Six months ago, I told Andrea we’d meet (“honeymoon”) in Paris. Late June, in a frantic “I can only be in most of Europe for a collective 90days max with my visa, and I just booked flights 122 days apart from each other” panic, I bought a $97 Barcelona-Istanbul plane ticket on my cell phone at 1a.m. Honeymoon in Istanbul, we called it.
What a cool, cool choice that was.
Yesterday was the first day I think we were together anxious/angsty/homesick for people at home. The fact we’ve got things to send to the states and a trek around town only told us post offices are closed for holiday for a week and Fedex locations just don’t exist (nor really work for things like postcards) played into feelings of being far, far away.
Afternoon is hot and humid. The siestas were not left in Spain. After our nap, we decided to have a comfortable, like-home, night. Yes, it included a Starbucks splurge (dont judge, you cant tell me Turkish coffee does the trick, it’s not like I’m sippin Starbucks in Italy), and going to see Harry Potter.
We arrive at the theater I’d seen Harry Potter 6 at two years ago. The movie posters hang outside. Online, we’d seen a 9p.m. showing. But at the ticket counter, “Harry Potter?” is met with “no.” It’s not there. We look at each other. Mr. Popper’s Penguins? Sure! “Penguins?” we ask. “Is the talking in English? Turkish subtitles?”
“Screen two is English.” Okay!!!
Except wait. A glance as she plugs in our ticket order- looks like penguins are in five and six, but…
And that is how we almost ended up with two tickets to the Green Lantern.
We leave the movieplex and agree a stroll around town at night would be great.
Great was an understatement.
It’s the end of Ramadan. The Blue Mosque is lit up like Cinderella’s Castle. Food vendors, artisans, performers are out. Children are watching two male puppets fight in a puppet show- we have no idea what is being said, but you know it’s good because the kids would alternate yelling out “yeah!!!!!!!” and “no!!!!” so you would hope the good guy was winning.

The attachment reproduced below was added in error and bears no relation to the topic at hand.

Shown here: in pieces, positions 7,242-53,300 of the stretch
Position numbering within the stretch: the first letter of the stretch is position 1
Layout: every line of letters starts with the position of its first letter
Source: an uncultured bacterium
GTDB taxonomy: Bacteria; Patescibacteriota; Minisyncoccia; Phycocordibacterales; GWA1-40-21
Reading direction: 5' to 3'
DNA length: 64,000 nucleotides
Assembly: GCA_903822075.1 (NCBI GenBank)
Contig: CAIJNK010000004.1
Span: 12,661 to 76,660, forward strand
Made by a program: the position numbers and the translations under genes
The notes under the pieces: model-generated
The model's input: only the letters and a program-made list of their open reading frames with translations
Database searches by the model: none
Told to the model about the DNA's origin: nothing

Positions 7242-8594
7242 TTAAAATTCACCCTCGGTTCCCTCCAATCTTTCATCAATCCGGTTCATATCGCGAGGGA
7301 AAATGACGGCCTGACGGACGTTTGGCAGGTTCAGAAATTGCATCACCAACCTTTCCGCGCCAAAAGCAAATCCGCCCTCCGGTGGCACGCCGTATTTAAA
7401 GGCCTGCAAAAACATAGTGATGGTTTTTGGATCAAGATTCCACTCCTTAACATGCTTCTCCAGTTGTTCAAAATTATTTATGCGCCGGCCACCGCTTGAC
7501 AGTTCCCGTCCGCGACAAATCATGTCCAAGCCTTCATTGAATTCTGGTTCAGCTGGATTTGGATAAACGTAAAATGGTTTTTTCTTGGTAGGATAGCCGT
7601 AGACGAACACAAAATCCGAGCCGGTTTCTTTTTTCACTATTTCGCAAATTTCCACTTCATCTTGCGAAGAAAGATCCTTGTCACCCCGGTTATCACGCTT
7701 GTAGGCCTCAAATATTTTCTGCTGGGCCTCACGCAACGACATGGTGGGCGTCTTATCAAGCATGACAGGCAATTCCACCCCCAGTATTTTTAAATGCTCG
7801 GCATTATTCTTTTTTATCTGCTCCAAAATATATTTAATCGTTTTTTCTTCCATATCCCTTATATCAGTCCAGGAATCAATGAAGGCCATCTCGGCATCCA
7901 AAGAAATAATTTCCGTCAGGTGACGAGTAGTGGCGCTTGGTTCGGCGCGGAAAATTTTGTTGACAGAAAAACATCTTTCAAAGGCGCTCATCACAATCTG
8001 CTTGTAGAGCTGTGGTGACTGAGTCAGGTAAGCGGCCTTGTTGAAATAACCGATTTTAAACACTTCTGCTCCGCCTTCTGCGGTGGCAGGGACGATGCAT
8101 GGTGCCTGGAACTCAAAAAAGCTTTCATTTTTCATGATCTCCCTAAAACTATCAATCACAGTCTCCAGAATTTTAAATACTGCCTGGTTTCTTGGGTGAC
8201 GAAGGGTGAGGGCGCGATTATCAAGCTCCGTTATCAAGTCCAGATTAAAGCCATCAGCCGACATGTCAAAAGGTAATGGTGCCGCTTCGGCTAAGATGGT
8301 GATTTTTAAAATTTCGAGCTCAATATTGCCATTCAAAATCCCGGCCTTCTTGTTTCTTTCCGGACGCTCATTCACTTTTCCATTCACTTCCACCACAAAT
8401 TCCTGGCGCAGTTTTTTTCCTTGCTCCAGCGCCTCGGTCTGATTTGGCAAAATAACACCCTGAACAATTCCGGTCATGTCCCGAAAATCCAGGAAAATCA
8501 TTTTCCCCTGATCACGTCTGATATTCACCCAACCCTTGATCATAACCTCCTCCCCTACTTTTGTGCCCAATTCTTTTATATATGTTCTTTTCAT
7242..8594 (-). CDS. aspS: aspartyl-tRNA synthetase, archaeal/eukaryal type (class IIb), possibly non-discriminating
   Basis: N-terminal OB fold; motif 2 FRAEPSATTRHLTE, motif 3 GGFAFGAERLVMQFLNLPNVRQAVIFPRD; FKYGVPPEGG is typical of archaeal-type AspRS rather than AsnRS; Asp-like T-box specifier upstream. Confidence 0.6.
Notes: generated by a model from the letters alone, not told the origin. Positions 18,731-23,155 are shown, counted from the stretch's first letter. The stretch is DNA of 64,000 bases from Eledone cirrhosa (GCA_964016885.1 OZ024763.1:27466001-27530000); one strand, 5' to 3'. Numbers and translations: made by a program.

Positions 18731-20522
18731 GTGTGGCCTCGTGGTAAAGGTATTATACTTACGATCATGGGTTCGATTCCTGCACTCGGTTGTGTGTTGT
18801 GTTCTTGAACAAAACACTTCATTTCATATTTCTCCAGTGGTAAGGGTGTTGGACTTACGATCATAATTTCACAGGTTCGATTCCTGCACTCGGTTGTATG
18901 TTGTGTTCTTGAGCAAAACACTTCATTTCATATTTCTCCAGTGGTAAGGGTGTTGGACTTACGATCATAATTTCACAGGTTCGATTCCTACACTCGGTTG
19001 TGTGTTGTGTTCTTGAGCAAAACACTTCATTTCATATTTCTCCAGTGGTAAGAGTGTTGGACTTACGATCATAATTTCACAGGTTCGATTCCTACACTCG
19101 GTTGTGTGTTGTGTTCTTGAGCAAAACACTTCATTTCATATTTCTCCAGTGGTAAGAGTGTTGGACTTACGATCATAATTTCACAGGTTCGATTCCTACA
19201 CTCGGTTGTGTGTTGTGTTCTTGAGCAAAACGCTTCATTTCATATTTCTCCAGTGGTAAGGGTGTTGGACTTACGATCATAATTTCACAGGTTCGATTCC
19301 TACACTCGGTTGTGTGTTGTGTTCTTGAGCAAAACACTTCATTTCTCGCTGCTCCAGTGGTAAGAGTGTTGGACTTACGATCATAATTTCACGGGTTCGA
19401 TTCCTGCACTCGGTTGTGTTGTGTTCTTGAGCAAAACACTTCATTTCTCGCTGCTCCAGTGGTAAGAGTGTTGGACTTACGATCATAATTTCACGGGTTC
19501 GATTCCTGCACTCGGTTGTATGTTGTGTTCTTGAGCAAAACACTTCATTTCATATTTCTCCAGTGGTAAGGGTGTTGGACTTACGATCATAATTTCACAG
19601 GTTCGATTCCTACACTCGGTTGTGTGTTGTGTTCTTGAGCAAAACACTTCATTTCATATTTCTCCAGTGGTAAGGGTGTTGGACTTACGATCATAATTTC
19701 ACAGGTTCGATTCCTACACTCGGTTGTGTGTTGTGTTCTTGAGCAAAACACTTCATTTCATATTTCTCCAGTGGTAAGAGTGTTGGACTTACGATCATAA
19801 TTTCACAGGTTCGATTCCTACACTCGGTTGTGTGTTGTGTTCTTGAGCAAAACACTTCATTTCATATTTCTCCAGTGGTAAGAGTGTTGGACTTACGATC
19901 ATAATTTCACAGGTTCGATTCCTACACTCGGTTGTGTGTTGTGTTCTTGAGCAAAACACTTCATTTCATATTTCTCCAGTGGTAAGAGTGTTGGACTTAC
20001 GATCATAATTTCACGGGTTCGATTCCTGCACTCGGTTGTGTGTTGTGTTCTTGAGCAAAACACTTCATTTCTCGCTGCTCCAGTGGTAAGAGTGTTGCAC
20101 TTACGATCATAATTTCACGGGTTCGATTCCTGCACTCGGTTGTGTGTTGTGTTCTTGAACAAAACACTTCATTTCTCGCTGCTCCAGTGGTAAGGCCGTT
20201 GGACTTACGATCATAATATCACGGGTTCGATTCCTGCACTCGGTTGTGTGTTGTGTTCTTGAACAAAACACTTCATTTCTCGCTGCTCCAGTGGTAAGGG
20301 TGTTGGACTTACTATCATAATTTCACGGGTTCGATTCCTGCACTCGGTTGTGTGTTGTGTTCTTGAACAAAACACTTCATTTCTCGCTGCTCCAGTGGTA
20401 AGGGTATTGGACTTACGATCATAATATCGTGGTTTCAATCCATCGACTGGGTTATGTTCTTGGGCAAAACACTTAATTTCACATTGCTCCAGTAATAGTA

It was beautiful. And as we strolled, we talked about how crazy it is we’re both in Istanbul, and on a night like this. So far from the $2 burgers at Chucks we bonded over every Monday.
We look around for dessert. Something cheap, but maybe something with a view. Plus, something sit-down always includes a bathroom. One you can sit-down in as well- we’re not big on the public stalls of just porcelain holes in the ground.
Somehow, we got ourselves ushered up five flights of stairs to the ritziest restaurant in Istanbul, on its rooftop terrace. To my left, the Blue Mosque. Behind me, the Hagia Sophia. And there are candles and mood lighting. We are far, far too backpacking scummy to be at this restaurant.
But, forgetting the obscene amount we paid for heart-shaped desserts, there was nowhere else we should have been last night. Though it looked like a date, it was just two very happy girls discussing life, once again, on their best-friend honeymoon in Istanbul. Our waitress, Giselda, went to take a picture of us. Raises then lowers the camera, laughs. “Your smiles.”